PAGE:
Veganism also takes up “sexual liberation,” not just animal “liberation” from farms. The VINE (Veganism Is the Next Evolution) Sanctuary in Springfield, Vermont, describes itself as an “eco-feminist, LGBTQ-led animal sanctuary,” tackling such subjects as “sexism, racism, ecocide, and queering animal liberation.” Similarly, Our Hen House did a short documentary in September 2015 called “Coming out for Animals,” and its other co-founder, Jasmin Singer, frequently writes and podcasts about the “intersection of gay rights and animal rights.”

Long before the term “intersectional” was used in identity politics, many politically minded vegans equated “LGBT” rights with those of animals. Animals, vegans, and “LGBT” people are identified as oppressed groups. The equation is made that just as animals are bullied and cruelly treated on farms, so are “LGBT” people bullied. The wrongness of bullying is used to justify “same-sex marriage.” The belief that humans are more valuable than animals, with immortal souls, made in God’s image and likeness, is viewed as “speciesism,” just as considering homosexuality sinful is “heterosexism.” It is noteworthy that Marlon Reis, who calls himself the “husband” of Colorado governor Jared Polis, is taking up animal rights as his “pet” cause.

While ancient paganism celebrated fertility, to quote G.K. Chesterton in The Well and the Shallows: “It has been left to the very latest Modernists to proclaim an erotic religion that exalts lust and forbids fertility… The new priests abolish fatherhood and keep the feast to themselves.” According to a 2013 survey by M. Butterflies Katz on Facebook, 40% of vegans are “child-free.”

In this new “Earth-centered” faith, having children contributes to climate change and the mass extinctions of other species. The fertility of animals is celebrated. That of humans, not so much.

Abstinence from carnal pleasure means not eating meat, but sexual self-restraint is seen as out of the question. It is no wonder that sites like VegNews and Bustle promote vegan contraceptives.

But in themselves, the practices of veganism and vegetarianism are morally neutral diets. For example, some religious orders, like the Carmelites and Trappists, tend to be vegan/vegetarian, while others, like Jesuits and Franciscans, are not.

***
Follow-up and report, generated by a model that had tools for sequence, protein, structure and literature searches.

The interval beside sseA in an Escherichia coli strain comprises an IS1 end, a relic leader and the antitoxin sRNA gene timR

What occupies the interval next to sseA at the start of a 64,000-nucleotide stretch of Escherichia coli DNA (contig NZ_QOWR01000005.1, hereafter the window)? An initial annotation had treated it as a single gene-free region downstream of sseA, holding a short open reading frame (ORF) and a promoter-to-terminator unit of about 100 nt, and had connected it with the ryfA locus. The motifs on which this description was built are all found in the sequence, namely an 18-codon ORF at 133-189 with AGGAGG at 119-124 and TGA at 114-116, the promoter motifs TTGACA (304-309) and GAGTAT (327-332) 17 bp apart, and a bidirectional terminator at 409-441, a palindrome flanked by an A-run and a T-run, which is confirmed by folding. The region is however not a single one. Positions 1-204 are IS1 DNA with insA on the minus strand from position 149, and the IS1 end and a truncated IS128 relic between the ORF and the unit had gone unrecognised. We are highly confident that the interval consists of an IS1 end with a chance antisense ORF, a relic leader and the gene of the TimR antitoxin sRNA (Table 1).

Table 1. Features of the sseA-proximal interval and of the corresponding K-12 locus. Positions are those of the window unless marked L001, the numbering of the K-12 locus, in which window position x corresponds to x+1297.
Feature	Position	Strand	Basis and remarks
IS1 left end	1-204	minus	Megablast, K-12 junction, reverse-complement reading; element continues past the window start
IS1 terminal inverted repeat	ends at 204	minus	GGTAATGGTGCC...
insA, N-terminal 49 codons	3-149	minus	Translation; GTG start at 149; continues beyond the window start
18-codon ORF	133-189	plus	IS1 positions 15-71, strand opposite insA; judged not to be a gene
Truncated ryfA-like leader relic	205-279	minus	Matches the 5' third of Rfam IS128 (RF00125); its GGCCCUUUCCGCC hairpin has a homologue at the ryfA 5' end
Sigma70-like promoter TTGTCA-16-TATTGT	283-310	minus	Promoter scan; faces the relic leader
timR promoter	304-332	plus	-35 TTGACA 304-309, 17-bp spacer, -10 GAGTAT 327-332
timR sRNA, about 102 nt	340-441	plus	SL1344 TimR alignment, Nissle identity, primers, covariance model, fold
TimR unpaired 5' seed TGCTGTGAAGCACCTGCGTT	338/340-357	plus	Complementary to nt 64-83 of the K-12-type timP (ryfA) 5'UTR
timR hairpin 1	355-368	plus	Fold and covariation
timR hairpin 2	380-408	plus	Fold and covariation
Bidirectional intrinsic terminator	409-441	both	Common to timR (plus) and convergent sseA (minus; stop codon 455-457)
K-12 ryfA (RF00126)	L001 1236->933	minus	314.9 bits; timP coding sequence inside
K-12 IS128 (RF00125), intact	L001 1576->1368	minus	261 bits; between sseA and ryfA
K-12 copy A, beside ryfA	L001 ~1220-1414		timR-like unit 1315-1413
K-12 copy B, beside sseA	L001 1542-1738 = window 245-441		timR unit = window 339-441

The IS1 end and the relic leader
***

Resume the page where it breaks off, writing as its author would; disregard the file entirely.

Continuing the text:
The trendiness of veganism and vegetarianism show the appeal of discipline. Having a discipline sets a goal; there is a bigger picture. Traditionally, the Church has used diet: The indulgence of Mardi Gras balances the penitence of Ash Wednesday. Many Catholics still go meatless on Fridays, instead of substituting another Friday penance outside of Lent. Paying attention to diet connects us to our identity as Catholics, and to the procession of the life of Christ.

Appreciating this, there have been occasional and sporadic revivals of Ember and Rogation days. Traditionally, the Ember Days are a Wednesday, Friday, and Saturday that fall in each season for prayer, fasting, and abstinence. They fall on the first week of Advent, between the first and second Sundays of Lent, between Pentecost and Trinity Sunday, as well as the liturgical third week of September. The Rogation Days fall on April 25 (the Feast of St. Mark), and the Monday, Tuesday, and Wednesday before Ascension. Since 1969, the Ember and Rogation Days have been optional. Last year, Bishop David Zubik of the Diocese of Pittsburgh called for Ember Days to repent of abuses in the Church. And this year, St. Stanislaus in Nashua, New Hampshire, celebrated a Rogation procession.

Ember and Rogation Days show the Church’s balance between fasting and feasting. Even when one has celebrated Christ’s Resurrection or the Descent of the Holy Spirit, we still live in “the whole creation (that) has been groaning in travail together until now” (Romans 8:22). Easter and Pentecost joy need not preclude self-discipline, for as Our Lord counseled (Matthew 6:16-17), “Do not look dismal… when you fast, anoint your head and wash your face.”

The popularity of veganism and vegetarianism show a hunger for the transcendent. It is about making life meaningful again. There are vegan souls who would love to hear the Good News. The Real Presence in the Eucharist demonstrates the ultimate transcendence they are seeking, as Our Lord said (John 6:35), “I am the bread of life; he who comes to me shall not hunger.”

As part of Jewish-Christian dialogue, a joint concert was given on Sept. 4, 2021, in the Dohány Street Synagogue by the Solti Chamber Orchestra in Budapest. Hungary.